Dr Delphinium Designs & Events
Most of us see the inside of a florist when our anniversary rolls around, when it's a major holiday (and around our house, Arbor Day counts as a major holiday), or when we're in trouble with the old lady. Dr. Delphinium, located in those most impractical spot in town (where the Dallas North Tollway intersects with Lovers Lane, making it danged near impossible to back out into traffic), has flowers for all such occasions. The cold-storage room is filled with all manner of flora, and the rest of the store overflows with exotic arrangements (some, less than $50) made for any day of the week. The staff is patient and helpful ("Uh, how do you say 'I'm sorry I ran over the cat' for $25?"), so much so we've begun to visit the good Dr. when we're just in the mood. Fact is, you know how we can tell this is the best florist in town? On Valentine's Day or February 15, this place is packed to the stems. The Dr. is in.

Highland Park Village
This is the most wannabe Beverly Hills area ever. The mall's layout and composition scream Southern California, as do the stores: Banana Republic for him and her, Williams Sonoma, St. John's, Hermès Paris, Chanel, Prada. And what Los Angeles establishment would be complete without an Ann Taylor, Chanel, Starbucks, and Jamba Juice (health drinks)? The parking lot is like an auto show, so unless you have a bankroll to spend or a loked-out ride, do yourself a favor and go to Syms, a few miles west on Mockingbird.
Time Inc. stopped publishing Life magazine in May, but nostalgia buffs still have a place to turn: Forestwood Antique Mall. Issues of the magazine going back to the 1940s are sold, many in excellent condition. Prices usually run around $15, depending on the issue. It's a small price to pay for a glimpse at some of the best magazine photography of this past century.

Stanley Korshak
We went on a search for a gown at the request of a friend who was to attend a high-profile, black-tie function. (Yes, we're female.) Buying ladies formal wear in a city this size is not as easy as you might think; we won't elaborate on how disappointing and downright ugly this search got. We can, however, recommend the quality and styles of gowns that we found at Stanley Korshak. The dresses came in a variety of sizes and were beautiful. The point of this story? 1. Start your search for a gown early. 2. Start it at this store. 3. If you aren't female, for God's sake, shave your back.

Best grocery store for last- minute wine and flowers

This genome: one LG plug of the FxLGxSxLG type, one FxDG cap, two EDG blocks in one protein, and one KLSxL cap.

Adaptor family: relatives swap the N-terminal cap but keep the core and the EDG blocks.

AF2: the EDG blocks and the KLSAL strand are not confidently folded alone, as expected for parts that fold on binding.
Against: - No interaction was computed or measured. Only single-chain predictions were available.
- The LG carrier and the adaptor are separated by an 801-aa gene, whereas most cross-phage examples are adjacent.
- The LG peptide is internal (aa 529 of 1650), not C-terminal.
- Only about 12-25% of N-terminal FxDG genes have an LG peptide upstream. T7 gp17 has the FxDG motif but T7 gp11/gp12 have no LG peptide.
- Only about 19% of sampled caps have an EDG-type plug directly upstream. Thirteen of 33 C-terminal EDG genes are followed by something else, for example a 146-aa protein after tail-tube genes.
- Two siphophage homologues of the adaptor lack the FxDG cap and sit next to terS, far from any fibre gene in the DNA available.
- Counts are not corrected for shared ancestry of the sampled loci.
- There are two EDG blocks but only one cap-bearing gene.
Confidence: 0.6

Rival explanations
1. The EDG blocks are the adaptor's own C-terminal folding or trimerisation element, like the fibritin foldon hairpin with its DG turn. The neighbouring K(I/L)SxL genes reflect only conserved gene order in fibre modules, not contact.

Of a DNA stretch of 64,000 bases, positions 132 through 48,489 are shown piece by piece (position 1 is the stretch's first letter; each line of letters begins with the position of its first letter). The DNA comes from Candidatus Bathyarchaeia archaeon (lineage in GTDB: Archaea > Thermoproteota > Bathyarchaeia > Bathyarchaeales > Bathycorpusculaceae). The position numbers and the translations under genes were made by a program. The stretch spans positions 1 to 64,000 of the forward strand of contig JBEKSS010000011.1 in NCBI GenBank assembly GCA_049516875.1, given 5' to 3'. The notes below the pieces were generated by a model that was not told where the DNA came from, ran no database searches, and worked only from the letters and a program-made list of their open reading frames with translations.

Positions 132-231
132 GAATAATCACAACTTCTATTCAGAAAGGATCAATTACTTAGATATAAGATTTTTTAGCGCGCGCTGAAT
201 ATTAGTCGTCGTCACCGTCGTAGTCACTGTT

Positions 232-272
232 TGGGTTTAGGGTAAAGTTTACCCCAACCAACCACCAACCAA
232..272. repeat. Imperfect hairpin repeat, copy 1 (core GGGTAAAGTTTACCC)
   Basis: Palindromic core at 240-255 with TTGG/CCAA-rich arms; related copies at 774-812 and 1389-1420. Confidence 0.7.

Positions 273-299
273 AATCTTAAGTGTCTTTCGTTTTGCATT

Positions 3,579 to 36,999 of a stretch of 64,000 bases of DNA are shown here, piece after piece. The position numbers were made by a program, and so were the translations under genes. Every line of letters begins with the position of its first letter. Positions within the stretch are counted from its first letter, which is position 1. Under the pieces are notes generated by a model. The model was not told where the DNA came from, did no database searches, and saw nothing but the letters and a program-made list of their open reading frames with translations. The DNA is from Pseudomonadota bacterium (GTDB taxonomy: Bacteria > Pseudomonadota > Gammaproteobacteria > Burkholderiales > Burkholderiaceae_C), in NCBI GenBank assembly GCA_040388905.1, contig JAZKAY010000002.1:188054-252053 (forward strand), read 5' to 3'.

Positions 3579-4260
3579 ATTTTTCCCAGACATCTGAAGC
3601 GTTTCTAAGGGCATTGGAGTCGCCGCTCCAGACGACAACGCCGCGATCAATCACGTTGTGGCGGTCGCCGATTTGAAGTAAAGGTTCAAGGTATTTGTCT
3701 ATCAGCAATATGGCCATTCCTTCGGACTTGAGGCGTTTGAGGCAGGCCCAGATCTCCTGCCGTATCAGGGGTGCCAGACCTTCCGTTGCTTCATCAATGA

Kroger in Oak Lawn

Kroger
A discriminating friend recently walked into the Kroger at Cedar Springs in Oak Lawn. She had been lamenting the demise of Simon David stores with their wonderful selection of exotic items. (Unfortunately, the Tom Thumb replacements just don't have the same magic.) Imagine her surprise when she found that the flower selection at this simple store was larger than expected and fresh to boot. Thinking that this was a fluke, she came back a few more times and was not disappointed. It also carries a good selection of wine from respectable vineyards. (No Ripple or Boone's Farm Tickled Pink in sight.)

Best business start-up likely to kick butt

NextJet

When it "absolutely, positively" has to get there, don't be so certain it's Federal Express or UPS that is going to get it (whatever it is) there first, not with the recent launch of NextJet. The Dallas-based, Internet-enabled start-up guarantees same-day (instead of overnight) service for those who need the fastest delivery going and are willing to pay for it. By using a business model that relies heavily on the Internet, the company books existing carriers for its shipments, and has no inventory of airplanes to warehouse and maintain. NextJet plans to cater more to business customers, but everyday consumers who want something in the last minute--caviar from Iran, Maui Wowie from Hawaii--can get the service by paying the fare.

Businesswomen on a budget frequent this women's clothing resale store with a vengeance. One of our shoppers recently found an excellent deal on an Ann Klein suit. The atmosphere and staff are friendly, and you can usually find most items at 50-80 percent off retail department store prices.

Medallion is a good neighborhood place to go for a cheap haircut and interesting conversation. You can even get keys cut here; the machine is near the door. Rugrats are also welcome, but so are SMU students, young men, old men, anybody with hair follicles. Old-fashioned barbershops are a dying breed, veritable endangered species in an era in which "stylists" shear both men and women. So, men with hair, we call on you to unite in support of your local barbershop. You have nothing to lose but your bangs.

We're tired of all the product placement at the mega-toy stores around town. We're mortified that Disney and Pixar are having their way with our 3-year-old. Buzz Lightyear and Pokmon and Tarzan and Bullwinkle and Babe are making us hanker for a concealed-weapon license. Escape the insanity of being a target market for Rugrats and enter the Lakeshore Learning Store, where toys have a purpose other than lining the coffers of global media conglomerates. Here is a vast array of learning toys and fun toys (sans mass-media stuff) and knowledgeable sales people to help you strike the right balance between the two.

This shop actually has fine china in stock, not just a sample on the floor and a frustrating four-week wait. At $1,450 a plate, Flora Danica isn't for everyone, but it's nice to know you could run out and get a set in an emergency. At more reasonable prices are Wedgwood, Spode, Present Tense, and Richard Ginori, for the bride who wants everything.

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